Remembering The Titanic's Intrepid Bandleader

Apr 12, 2012
Originally published on April 13, 2012 4:17 am

This weekend marks the centennial of the Titanic disaster. One hundred years ago Saturday, the ship that, as legend had it, "God himself couldn't sink," struck an iceberg in the North Atlantic. It was about 20 minutes to midnight on April 14, 1912. Two hours and 40 minutes later, the Titanic was gone.

More than 1,500 people died that night. One of them was Wallace Hartley, the son of a church choirmaster in England; he'd left work as a bank teller for a career in music. Hartley conducted and played violin, and he worked some 80 maritime voyages before joining the Titanic as bandmaster.

In the book Titanic Tragedy: A New Look at the Lost Liner, historian John Maxtone-Graham describes the 33-year-old Hartley as so dapper and hip to new music that he used the name "Hotley" in his wireless messages.

"Whenever he went to New York, he didn't go to the oyster houses or taverns that his fellow crewmen went to," Maxtone-Graham says. "He went to Tin Pan Alley looking for sheet music because he was hipped on getting the latest possible music to play for his passengers."

Hartley and his musicians became the stuff of legend as the Titanic was sinking, because they kept playing.

Like many of the details from that night, accounts of that episode vary. As Maxtone-Graham tells it, they played inside at first, then moved outdoors, "where there was no piano, no light, no chairs, no music stands, and played on that cold outer deck."

Their final song has been much debated. The hymn "Nearer, My God, To Thee" was long a favorite. The most famous Titanic chronicler, Walter Lord, originally thought it was another hymn, "Autumn." Maxtone-Graham says Lord later came to believe it was actually a waltz with a similar name.

"Thanks to Walter Lord, I think the real last tune they played was a little bittersweet waltz by Archibald Joyce," Maxtone-Graham says. "He gave it a French name, as many Edwardian creative people did. They thought if they made it French it would be a little more elegant, so he called it 'Songe d'Automne' — thoughts, or dreams, of autumn."

Whatever that final song, Maxton-Graham has come to think of Wallace Hartley, in those final hours on the Titanic, as a minister tending his flock.

"His flock were those musicians," he says. "He was taking care of their spiritual needs near the end of their lives by giving them a job they could do that would fill the time. My conviction is it gave as much comfort to the men who were playing as to the people who heard them."

All eight musicians on the Titanic, Hartley included, died on that April night 100 years ago.

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RENEE MONTAGNE, HOST:

This weekend marks the centennial of the Titanic disaster. One hundred years ago, the ship it was thought God himself couldn't sink, struck an iceberg in the North Atlantic. It was about 20 minutes before midnight on April 14th, 1912. Two hours and 40 minutes later, Titanic was gone. Over 1,500 died that night. We're going to remember one of them now, Wallace Hartley.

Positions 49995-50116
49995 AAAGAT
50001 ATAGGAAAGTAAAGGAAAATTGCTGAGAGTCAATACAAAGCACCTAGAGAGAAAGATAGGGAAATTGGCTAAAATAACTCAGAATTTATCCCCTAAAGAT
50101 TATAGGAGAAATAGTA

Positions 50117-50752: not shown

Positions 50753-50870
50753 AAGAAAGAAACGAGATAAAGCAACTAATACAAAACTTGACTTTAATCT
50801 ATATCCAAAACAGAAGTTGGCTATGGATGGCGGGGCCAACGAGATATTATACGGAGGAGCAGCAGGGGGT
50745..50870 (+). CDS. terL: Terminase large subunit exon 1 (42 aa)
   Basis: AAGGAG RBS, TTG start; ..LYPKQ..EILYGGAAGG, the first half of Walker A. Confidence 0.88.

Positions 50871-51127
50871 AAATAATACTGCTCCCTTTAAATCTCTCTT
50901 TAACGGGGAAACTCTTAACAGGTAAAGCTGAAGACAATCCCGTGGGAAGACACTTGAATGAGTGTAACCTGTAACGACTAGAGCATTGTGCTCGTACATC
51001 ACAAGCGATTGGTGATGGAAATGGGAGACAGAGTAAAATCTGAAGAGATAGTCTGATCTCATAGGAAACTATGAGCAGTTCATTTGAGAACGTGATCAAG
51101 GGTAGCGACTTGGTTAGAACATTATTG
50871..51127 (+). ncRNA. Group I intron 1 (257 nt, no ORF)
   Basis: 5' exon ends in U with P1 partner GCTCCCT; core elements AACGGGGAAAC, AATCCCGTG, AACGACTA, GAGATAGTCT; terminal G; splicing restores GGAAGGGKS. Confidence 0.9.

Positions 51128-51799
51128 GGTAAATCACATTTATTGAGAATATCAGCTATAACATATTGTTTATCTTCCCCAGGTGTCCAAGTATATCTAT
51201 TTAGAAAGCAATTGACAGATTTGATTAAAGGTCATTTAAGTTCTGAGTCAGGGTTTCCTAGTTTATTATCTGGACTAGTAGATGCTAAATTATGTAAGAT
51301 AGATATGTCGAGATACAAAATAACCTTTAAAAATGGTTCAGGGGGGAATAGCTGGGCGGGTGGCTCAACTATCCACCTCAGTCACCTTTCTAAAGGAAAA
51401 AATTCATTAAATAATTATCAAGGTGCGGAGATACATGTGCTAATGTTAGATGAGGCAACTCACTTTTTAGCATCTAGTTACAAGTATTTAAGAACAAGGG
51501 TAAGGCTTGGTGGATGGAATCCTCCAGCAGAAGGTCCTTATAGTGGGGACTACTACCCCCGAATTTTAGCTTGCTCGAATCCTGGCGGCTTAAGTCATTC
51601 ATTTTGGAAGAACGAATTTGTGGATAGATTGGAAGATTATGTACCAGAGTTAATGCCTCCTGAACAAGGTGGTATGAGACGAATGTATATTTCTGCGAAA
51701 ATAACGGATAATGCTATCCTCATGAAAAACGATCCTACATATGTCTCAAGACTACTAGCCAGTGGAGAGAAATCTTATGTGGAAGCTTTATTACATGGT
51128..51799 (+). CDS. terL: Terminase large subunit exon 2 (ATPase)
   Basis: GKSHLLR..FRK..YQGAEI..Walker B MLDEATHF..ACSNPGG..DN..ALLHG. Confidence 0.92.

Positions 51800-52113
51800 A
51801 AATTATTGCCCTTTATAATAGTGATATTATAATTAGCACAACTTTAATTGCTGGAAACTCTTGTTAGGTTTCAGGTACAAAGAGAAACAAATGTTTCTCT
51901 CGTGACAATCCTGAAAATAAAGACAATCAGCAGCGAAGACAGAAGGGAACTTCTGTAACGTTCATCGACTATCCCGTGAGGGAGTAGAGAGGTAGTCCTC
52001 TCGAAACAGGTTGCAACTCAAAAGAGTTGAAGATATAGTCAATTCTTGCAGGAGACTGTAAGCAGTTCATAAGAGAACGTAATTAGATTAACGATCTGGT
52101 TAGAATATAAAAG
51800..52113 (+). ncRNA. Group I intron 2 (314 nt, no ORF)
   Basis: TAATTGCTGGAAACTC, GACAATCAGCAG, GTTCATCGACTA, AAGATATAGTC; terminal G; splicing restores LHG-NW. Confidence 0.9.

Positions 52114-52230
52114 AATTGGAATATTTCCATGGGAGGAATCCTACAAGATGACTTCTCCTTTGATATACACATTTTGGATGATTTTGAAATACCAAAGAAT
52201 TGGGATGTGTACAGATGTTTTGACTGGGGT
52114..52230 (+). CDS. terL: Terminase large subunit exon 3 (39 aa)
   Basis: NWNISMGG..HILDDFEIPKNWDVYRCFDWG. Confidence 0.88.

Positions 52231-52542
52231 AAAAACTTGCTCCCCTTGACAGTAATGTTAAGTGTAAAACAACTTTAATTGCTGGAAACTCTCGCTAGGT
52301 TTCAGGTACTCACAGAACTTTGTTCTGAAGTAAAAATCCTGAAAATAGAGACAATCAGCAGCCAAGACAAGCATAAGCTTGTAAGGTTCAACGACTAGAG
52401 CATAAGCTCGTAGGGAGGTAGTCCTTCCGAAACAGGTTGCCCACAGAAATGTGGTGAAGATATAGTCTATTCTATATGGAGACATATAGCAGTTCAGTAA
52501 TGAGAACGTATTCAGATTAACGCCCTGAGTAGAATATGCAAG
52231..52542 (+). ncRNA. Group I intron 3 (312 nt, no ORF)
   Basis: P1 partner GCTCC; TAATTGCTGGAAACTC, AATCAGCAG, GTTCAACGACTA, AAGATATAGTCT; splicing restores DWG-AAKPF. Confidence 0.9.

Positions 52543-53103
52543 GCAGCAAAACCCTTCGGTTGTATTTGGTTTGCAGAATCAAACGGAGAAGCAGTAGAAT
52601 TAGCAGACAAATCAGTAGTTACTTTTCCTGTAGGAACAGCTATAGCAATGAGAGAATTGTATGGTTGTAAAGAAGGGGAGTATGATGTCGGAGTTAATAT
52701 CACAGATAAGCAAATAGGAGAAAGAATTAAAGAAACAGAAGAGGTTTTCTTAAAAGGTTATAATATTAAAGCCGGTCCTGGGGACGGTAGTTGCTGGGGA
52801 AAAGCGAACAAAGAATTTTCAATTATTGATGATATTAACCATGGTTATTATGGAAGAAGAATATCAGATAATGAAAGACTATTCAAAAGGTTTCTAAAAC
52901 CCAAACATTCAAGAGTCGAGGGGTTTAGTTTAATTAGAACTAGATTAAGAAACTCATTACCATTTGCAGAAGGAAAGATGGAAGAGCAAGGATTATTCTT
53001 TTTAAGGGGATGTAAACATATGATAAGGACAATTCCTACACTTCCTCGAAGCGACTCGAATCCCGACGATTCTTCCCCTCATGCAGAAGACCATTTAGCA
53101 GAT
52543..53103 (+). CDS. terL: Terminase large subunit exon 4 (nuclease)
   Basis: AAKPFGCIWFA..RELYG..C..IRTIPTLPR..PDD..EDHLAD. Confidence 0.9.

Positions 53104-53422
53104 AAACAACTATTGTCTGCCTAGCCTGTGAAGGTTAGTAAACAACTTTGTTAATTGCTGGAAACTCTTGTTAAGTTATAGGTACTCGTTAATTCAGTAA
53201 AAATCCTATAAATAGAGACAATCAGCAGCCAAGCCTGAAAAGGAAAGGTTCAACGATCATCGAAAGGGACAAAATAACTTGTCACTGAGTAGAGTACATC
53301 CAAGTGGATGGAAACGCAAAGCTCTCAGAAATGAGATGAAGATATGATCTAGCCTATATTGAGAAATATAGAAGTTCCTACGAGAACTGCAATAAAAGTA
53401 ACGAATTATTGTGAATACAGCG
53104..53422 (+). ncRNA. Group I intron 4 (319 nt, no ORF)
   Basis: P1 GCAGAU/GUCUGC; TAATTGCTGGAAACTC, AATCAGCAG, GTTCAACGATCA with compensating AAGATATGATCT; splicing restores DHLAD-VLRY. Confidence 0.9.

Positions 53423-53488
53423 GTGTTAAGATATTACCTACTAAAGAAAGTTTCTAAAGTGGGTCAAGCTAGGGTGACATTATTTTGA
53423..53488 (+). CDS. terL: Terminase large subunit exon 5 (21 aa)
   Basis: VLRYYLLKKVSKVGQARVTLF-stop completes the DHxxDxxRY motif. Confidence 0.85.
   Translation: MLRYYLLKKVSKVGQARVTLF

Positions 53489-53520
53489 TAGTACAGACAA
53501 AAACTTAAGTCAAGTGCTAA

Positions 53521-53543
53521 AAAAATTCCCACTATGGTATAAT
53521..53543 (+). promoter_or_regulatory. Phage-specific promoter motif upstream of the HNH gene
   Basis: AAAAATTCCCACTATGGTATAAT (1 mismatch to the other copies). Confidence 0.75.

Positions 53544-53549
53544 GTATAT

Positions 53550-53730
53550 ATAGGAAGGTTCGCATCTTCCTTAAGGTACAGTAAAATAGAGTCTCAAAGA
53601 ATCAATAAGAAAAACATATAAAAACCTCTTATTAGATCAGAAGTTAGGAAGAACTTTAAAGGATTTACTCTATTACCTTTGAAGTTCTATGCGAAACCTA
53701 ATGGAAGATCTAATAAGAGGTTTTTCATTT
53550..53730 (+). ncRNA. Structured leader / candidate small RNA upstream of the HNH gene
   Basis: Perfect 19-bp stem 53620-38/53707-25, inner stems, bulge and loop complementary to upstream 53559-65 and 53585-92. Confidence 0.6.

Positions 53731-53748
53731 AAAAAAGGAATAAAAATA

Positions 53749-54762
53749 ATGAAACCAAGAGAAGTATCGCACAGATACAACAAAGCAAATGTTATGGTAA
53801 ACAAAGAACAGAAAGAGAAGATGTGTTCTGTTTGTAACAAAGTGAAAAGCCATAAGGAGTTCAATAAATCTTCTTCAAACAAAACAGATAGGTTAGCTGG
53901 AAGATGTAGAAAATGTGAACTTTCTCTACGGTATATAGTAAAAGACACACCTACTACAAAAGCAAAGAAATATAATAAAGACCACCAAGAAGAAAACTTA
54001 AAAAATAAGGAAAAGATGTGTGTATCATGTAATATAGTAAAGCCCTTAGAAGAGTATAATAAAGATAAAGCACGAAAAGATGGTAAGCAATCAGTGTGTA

JOHN MAXTONE-GRAHAM: He started work as a teller in a bank, but within a very short time, switched.

MONTAGNE: Switched to music, says maritime historian John Maxtone-Graham, in his book "Titanic Tragedy: A New Look at the Lost Liner." The son of a church choirmaster in England, Wallace Hartley conducted and played violin. He worked some eighty voyages before joining Titanic as bandmaster. Maxtone-Graham describes the 33-year-old Hartley as so dapper and hip to new music, he used the name "Hotley" in his wireless messages.

MAXTONE-GRAHAM: Whenever he went to New York, he didn't go to the oyster houses or the taverns that his fellow crewmen went to. He went to Tin Pan Alley looking for sheet music, because he was hipped on getting the latest possible music to play for his passengers.

MONTAGNE: Music like Irving Berlin's "Alexander's Ragtime Band."

(SOUNDBITE OF SONG, "ALEXANDER'S RAGTIME BAND")

MONTAGNE: Of course, Wallace Hartley and his musicians became the stuff of legend as Titanic was sinking - because they kept playing. Like many details that night, accounts vary, but as Maxtone-Graham tells it, first they played inside, and later wearing lifejackets.

MAXTONE-GRAHAM: They moved outdoors where there was no piano, no light, no chairs, no music stands, and played on that cold outer deck.

(SOUNDBITE SONG, "NEARER, MY GOD, TO THEE")

MONTAGNE: Their final song has been much debated. The hymn "Nearer, My God, To Thee" was long a favorite. The most famous Titanic chronicler, Walter Lord, originally thought it was the hymn tune, "Autumn." Lord later came to believe it was actually a waltz with a similar name.

MAXTONE-GRAHAM: Thanks to Walter Lord, I think the real last tune they played was a little bittersweet waltz by Archibald Joyce. He gave it a French name, as many Edwardian creative people did. They thought if they made it French it would be a little more elegant, so he called it 'Songe d'Automne' - thoughts, or dreams, of autumn.

(SOUNDBITE OF SONG, "SONGE D'AUTOMNE")

MONTAGNE: Whatever that final song, Maxton-Graham has come to think of Wallace Hartley, in those final hours on Titanic, as a minister tending his flock.

MAXTONE-GRAHAM: And his flock were those musicians. He was taking care of their spiritual needs near the end of their lives by giving them a job that they could do that would fill the time. My conviction is it gave as much comfort to the men who were playing as to the people who heard them.

MONTAGNE: All musicians on Titanic - eight men - including bandmaster Wallace Hartley, died that April night one hundred years ago. Transcript provided by NPR, Copyright NPR.